What are the benefits of Azure AD?

Many teams are operating in an increasingly hybrid model, which means companies must be able to move fluidly between onsite and remote management of resources. Each team member must be empowered to access what they need regardless of their location, but this raises new security concerns. When many different devices are attempting to gain access, how do admins know whether they are legitimate users or rogue cyber attackers?

As infrastructure diversity grows, organizations need to uplevel their authentication methods and make sure privileges are in the hands of only those who need them. Azure AD offers precisely this, along with other key benefits for modern organizations that want to prioritize both flexibility and safety. Rather than a traditional network security perimeter, Microsoft provides authentication at the layer of organizational identity.

Access to various applications is simplified.

With features like single sign-on, IT administrators can access many different apps from the same login. This is done either through authentication or federation. 

Users save time with self-service features.

Team members can reset passwords by responding to extra security questions. This means authority isn’t required to unlock user accounts every time something happens. Users can also create and manage new groups and associated memberships. Dynamic groups are groups in which membership is automatically given according to a user’s attributes.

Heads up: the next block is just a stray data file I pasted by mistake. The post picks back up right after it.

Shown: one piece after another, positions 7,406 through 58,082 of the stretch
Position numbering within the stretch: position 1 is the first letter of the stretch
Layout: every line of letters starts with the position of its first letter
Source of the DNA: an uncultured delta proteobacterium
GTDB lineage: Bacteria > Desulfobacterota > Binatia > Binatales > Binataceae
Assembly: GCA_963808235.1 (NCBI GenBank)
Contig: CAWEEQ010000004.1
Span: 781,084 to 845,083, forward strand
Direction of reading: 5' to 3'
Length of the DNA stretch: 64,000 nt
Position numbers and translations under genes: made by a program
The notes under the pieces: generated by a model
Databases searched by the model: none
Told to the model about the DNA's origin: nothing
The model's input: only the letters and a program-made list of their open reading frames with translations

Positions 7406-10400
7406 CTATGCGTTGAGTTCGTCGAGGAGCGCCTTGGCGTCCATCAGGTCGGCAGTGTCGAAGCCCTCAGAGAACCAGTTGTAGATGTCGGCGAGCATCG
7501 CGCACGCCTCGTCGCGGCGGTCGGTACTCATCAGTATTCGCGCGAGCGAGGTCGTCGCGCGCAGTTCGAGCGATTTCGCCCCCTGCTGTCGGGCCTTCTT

Security is achieved through multiple features. 

Azure Active Directory provides a two-step verification process for users. Conditional access may be granted to different users according to device type, network, user roles, and even the risk level of signing in. 

Collaboration for B2B and B2C is streamlined.

Teams can add partners to various projects and share pertinent information. If a business has its own app, customers can log in, and Azure will manage their identities.

Detailed reports give more control over user activity.

Administrators are never in the dark with real-time data and access to high-quality reporting. They can access what accounts might be in danger and identify spam accounts. Activity logs are given in tenant reports. 

The Future of Cloud Computing

Azure Active Directory is anything but static. Features are added and updated on a regular basis for superior functionality. As cyberattacks become more sophisticated and companies transition to remote work flexibility, security needs are changing quickly. As the second-largest cloud-based service provider, Azure equips teams to get ahead of their competition in cloud computing.Interested in maximizing Azure ROI, gaining more visibility, and sealing up security vulnerabilities? A tool that monitors a company’s entire Azure infrastructure can give a single-pane view of all critical business operations.